By Natasa Radic
For the seventh time since independence, Croatian voters will go to the polls to choose leaders for the next four years.
“I still don’t know if I will vote on Sunday. I think they are all the same,” said Ana Maria Begovic, a teacher from Zagreb. “If I decide to go out Sunday, and if it is not too cold, I will vote SDP, as we have not seen [Zoran] Milanovic in political action yet. These guys [HDZ], so far, did not show anything significantly important,” she concluded.
Nino I., a mechanic, disagrees and will vote for the ruling HDZ. “They did start the fight against corruption. And they appreciate the homeland and patriotic values and this is why I will vote for them.”
Tatjana Ranogajec, a housewife, says that she will vote for a new party, the Croatian Labour Party. “I think they are honest people. I know that they will not get a lot of votes, but I am sure they will enter parliament and I want to help them. We are all a bit tired of the one and the same faces we have been seeing for years”, she adds.
According to the Mediana Fides agency, the latest polls suggest that the ruling Croatian Democratic Union (HDZ) — in power since 2003 — will win 41 seats, while the centre left opposition, united under the Kukuriku coalition, will win 83.
“Elections in Croatia are, as always, important for two main reasons. First, Croatia is still a young democracy, merely two decades old, in terms of multiparty electoral systems and liberal democracy as we know it today. So, every election cycle still bears significance on the casting of the votes, as more than half of the electorate participated more in socialist Yugoslav ‘elections’ than in democratic ones,” Vedran Obucina, political analyst and commentator told SETimes.
“Secondly, and maybe more importantly for Croatia today, is the political culture,” said Obucina.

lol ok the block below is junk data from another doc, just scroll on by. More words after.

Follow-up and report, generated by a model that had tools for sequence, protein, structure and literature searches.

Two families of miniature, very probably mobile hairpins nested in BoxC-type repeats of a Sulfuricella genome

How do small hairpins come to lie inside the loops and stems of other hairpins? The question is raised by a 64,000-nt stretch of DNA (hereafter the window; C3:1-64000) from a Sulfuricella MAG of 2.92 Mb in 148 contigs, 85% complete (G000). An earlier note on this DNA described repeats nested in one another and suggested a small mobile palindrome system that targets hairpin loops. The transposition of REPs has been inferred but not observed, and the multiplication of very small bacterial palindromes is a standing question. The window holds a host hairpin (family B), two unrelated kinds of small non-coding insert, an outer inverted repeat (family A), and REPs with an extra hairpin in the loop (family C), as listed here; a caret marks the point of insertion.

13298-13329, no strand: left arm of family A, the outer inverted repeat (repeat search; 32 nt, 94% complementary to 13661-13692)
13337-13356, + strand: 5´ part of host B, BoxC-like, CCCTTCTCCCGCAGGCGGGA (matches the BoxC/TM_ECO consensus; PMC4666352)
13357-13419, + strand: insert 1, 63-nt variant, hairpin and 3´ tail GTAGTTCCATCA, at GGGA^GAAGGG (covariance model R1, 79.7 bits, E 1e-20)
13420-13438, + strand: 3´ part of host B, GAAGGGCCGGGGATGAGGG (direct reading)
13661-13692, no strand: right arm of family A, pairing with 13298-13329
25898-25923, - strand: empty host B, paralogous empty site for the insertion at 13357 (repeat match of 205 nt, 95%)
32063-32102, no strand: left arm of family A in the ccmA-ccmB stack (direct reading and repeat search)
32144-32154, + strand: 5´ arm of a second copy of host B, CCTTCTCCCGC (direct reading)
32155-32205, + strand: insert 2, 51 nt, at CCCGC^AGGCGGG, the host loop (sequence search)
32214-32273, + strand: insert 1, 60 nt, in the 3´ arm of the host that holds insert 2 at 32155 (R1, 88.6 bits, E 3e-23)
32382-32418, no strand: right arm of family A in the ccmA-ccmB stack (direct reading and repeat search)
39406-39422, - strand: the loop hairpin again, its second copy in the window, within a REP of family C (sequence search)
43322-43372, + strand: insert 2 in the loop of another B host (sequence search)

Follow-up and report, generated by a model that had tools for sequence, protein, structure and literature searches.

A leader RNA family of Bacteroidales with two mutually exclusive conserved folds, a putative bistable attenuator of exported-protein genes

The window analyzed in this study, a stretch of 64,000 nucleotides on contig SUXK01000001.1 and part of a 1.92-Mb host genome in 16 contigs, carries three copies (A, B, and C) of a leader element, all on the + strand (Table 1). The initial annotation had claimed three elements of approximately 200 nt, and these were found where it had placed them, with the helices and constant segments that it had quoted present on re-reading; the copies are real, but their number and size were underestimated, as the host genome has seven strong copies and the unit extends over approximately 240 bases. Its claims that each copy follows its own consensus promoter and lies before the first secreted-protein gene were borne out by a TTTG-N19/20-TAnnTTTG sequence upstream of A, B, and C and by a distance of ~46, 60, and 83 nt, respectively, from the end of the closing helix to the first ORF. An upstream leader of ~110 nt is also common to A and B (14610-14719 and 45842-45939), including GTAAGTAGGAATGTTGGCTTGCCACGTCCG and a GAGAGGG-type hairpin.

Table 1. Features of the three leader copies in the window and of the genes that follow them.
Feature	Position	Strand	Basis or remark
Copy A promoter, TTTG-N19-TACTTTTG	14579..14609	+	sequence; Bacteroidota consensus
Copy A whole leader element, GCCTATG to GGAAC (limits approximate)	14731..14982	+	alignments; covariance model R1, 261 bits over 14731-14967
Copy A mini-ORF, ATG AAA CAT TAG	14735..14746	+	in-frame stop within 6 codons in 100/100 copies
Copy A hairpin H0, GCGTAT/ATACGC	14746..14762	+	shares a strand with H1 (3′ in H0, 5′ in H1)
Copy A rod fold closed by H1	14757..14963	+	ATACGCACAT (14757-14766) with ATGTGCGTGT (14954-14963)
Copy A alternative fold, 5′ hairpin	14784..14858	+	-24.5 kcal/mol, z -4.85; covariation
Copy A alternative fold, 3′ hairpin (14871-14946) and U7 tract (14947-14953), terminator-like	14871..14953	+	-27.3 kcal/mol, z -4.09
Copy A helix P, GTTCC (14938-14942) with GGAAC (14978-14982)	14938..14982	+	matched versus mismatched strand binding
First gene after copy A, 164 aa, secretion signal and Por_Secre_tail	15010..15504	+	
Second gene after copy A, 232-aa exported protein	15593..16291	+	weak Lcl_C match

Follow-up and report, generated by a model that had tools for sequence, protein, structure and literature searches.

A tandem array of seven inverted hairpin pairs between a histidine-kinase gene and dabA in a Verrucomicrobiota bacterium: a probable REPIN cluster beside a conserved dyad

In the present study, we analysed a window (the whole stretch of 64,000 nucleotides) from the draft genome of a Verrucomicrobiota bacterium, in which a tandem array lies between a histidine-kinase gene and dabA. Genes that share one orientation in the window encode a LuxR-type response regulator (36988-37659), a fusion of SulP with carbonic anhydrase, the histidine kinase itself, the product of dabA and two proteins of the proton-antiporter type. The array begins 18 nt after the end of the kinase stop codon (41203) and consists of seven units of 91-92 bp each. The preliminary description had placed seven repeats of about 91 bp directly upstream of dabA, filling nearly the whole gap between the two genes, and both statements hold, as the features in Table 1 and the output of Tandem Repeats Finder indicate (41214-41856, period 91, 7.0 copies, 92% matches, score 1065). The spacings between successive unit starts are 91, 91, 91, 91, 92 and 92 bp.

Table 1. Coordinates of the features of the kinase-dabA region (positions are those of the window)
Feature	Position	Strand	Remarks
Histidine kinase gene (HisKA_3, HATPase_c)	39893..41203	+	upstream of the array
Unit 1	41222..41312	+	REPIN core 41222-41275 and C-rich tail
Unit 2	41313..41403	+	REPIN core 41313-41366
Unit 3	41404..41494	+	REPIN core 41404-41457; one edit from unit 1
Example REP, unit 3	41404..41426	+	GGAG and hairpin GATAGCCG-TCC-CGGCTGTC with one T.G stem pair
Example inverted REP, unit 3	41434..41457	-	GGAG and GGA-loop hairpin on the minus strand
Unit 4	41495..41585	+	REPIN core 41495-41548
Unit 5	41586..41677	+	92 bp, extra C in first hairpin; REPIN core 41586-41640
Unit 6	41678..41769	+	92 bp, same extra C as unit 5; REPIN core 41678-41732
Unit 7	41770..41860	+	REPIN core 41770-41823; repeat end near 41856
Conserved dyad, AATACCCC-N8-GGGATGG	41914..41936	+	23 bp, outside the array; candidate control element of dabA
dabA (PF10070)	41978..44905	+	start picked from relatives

“In a country where prime ministers, ministers and other functionaries are caught in affairs, or where they are under investigation, no one is eager to resign. Not only to resign from the post, but also from the position of party chairman or functionary. It is inconceivable in the Western, well-established democracies, to stay in the same position, even if only the image of a politician is endangered. That is why Croatians have to come out on election day, as this is the only opportunity in our political system to really change institutional representatives,” he concludes.
Barring any surprises Sunday, the centre-left coalition will rule the country for the second time since independence. So far the party won only in 2000, when the late Social Democrat (SDP) leader Ivica Racan became prime minister.
Zoran Milanovic, the new SDP head, might have the same opportunity this time, though Prime Minister Jadranka Kosor, leader of the centre-right HDZ, wants to stay at the helm.
The campaign has been a reflection of the economic times: frugal – a sign of the recession that has hit Croatia hard. The parties mostly competed by explaining how they intend to fight the financial crisis.
For the first time ever, the parties opened special money transfer accounts for financial donations, which in turn improved the transparency of campaign financing.
The voting system in Croatia has not been properly addressed and poses an acute problem. NGOs such as GONG focused public attention on the problem, but the voters’ lists have not been properly updated.
Voter registration is another problem. There are 4,290,612 people living in Croatia, but the voter registration list has 4, 505,081 voters. Even adding the diaspora number, the number of voters cannot exceed the number of citizens — including minors — by this much.
Gordana Obradovic, director of the Centre for Education, Research and Counselling (CESI), points out another problem to SETimes.
“Political parties did nothing to respect and implement the need for quotas on their lists, with at least 40% of women represented as candidates. If the parties had to pay for this misconduct, HDZ would have to pay 70,000 euros, and Kukuriku coalition 55,000 euros,” she says.
For this reason CESI put together a “wall of shame” list of all parties that failed to offer adequate political representation of women on their candidate lists.